The surface phonological representation of a sentence consists of a segmental representation (root nodes and segmental features), a tonal representation, and a prosodic structure representation; the last consists of a hierarchical representation of prosodic constituents and a representation of the prominence (head) of each constituent. According to the Prosodic Structure hypothesis, prosodic structure organizes sentence phonology and phonetics just as it does word phonology and phonetics (Selkirk 1986, 1995, 2000; Nespor and Vogel 1986; Pierrehumbert and Beckman 1988). The constituents of the prosodic hierarchy most directly relevant to sentence phonology are the prosodic word, the minor and major phonological phrases (also called “accentual” and “intermediate” phrases), the intonational phrase, and the utterance, in that order. These constituents and their prominent heads are claimed to be universally present in human languages and constitute the structure with respect to which linguists define phonological and phonetic phenomena.
Tonal phenomena are perhaps most revealing of the organization of the sentence into prosodic constituents. The tones that play a role in sentence phonology have various sources: thus, there are tones contributed by the lexical representation of individual words, tones that are phrase-level morphemes, and tones that are epenthetic. Sentence-final tonal morphemes indicating the role of a sentence in a discourse—e.g., the declarative low (L) boundary tone of English—appear in all types of languages. Other tonal morphemes found in the sentence may be indicators of the focus status of a constituent such as the focus H tone in Swedish, or various pitch accents of English, designated H*,L*,L + H*,L* + H (Pierrehumbert and Hirschberg 1990). Some tones that appear in the sentence are apparently neither lexical nor morphemic but rather epenthetic, present for purely phonological reasons.
Phonological constraints determine the precise location in the sentence of these various sorts of tones and tend to produce representations in which individual tones align either with the prominent head of a prosodic constituent or with the edge of a constituent. In Bengali (Hayes and Lahiri 1991), a default tone is epenthesized on the prominent syllable of a phonological phrase. In English, pitch accent morphemes, plausibly generated as part of the morphosyntax of the sentence, are drawn to phrasally prominent syllables; in Chichewa, a lexical H tone in a word shifts its position in order to coincide with a phrasal prominence. The edges of prosodic phrases are also a standard location for tone. In Bengali and Japanese, epenthetic tones mark the edges of major and minor phonological phrases, respectively. It is also conceivable that the presence of certain tonal morphemes in particular locations in surface morphosyntactic representation—such as the “continuation” H tone of English—may induce the presence of a prosodic phrase edge at that location in surface phonological representation.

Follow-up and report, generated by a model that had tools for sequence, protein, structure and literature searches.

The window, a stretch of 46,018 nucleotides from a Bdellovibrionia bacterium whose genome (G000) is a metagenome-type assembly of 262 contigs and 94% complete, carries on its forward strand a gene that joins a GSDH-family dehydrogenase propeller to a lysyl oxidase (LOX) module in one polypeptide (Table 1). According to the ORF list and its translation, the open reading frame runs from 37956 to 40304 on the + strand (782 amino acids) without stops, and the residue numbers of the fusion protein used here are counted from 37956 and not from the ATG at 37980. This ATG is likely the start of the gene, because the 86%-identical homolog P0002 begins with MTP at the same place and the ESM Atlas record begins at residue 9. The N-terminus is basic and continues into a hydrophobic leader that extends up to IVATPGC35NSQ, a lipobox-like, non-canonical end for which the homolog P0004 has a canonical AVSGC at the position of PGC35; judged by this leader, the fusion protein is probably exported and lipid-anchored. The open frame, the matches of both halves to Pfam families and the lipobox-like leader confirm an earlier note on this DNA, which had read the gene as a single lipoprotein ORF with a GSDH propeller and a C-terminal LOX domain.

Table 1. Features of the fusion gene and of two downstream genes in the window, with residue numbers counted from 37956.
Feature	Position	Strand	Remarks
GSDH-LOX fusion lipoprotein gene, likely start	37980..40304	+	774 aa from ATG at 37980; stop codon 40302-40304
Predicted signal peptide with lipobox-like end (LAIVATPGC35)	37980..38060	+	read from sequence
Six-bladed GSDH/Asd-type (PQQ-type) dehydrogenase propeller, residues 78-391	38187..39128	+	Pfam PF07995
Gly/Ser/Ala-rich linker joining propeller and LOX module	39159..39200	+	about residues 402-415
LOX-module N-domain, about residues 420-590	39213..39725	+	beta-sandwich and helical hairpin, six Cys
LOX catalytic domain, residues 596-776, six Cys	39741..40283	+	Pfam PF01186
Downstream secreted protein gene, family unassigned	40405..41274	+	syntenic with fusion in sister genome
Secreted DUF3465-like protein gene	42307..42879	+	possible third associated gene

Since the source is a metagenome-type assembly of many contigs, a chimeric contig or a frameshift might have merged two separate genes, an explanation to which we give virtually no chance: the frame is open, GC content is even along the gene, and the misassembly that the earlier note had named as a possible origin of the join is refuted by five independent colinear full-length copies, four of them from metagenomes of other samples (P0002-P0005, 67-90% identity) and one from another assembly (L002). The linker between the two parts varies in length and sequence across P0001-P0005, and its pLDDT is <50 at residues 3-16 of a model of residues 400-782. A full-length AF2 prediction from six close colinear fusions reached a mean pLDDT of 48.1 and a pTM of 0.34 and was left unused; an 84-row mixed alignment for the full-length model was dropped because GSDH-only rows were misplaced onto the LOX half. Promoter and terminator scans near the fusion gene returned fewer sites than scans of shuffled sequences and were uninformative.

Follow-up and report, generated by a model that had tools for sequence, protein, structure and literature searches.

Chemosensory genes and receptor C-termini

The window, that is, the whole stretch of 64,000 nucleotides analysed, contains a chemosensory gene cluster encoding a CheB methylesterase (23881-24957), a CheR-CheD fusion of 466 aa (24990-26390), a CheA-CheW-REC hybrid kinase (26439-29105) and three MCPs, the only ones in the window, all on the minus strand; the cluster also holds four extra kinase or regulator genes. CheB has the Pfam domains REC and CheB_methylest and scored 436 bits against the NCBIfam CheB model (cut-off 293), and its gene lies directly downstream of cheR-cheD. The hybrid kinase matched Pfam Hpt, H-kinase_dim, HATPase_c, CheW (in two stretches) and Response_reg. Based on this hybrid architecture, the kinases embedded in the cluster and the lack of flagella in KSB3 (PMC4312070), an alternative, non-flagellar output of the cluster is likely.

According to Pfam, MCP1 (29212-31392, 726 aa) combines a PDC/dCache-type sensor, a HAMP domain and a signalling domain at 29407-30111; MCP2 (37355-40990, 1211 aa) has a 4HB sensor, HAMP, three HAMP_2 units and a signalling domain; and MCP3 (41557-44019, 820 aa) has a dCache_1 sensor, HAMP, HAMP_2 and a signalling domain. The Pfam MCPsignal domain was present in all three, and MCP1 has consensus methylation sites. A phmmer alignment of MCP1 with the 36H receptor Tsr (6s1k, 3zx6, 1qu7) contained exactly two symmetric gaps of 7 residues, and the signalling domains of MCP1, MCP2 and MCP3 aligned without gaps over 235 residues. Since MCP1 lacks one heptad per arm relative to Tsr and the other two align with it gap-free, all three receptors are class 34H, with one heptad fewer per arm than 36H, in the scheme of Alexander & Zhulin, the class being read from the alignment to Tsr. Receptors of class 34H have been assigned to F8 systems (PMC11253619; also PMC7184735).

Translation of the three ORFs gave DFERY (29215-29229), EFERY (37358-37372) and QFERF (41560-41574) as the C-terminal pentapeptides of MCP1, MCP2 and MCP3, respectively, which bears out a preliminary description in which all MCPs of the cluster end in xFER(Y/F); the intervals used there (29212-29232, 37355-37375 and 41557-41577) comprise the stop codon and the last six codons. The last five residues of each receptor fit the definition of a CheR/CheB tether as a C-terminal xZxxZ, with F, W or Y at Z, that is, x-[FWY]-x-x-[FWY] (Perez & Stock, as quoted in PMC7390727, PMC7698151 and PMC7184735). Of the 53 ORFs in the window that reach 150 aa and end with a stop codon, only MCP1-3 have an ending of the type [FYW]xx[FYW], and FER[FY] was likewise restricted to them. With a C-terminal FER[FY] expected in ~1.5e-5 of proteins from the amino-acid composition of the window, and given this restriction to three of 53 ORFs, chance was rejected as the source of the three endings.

In addition to constraints calling for the coincidence of tones and prosodic heads or edges, there are also constraints that call for the spreading of tone, or that rule against certain sequences of tone; these, too, appeal to prosodic constituent structure. For example, for a tone to spread from one syllable to another, the syllables must be adjacent within a particular prosodic constituent. A prosodic constituent may thus constitute the domain within which a phenomenon takes place.
Prosodic structure also organizes sentential segmental phonology and phonetics. Recent phonetic work shows that, in various levels of prosodic constituent structure, the left edge is the locus of articulatory strengthening. This is seen, for example, in the introduction of a prevocalic glottal stop in English, and in the degree of linguopalatal contact of /n/ in French. Moreover, external sandhi phenomena are restricted by prosodic structures, as documented in Nespor and Vogel 1986, among others. In Bengali, for example, word-final r assimilates completely to a following coronal consonant just when this segmental sequence lies within the same phonological phrase (examples from Hayes and Lahiri 1991).
The prosodic constituent relevant for defining the domain of assimilation is exactly the one relevant for determining the presence of the epenthetic H- phrase edge tone and for determining the presence of the phrasal prominence, which receives an epenthetic L* pitch accent. This is an example of the domain convergence that the prosodic structure hypothesis predicts: it is expected that distinct types of phonological phenomena may converge on the same prosodic constituent structure, collectively providing important evidence for that constituency in the first place.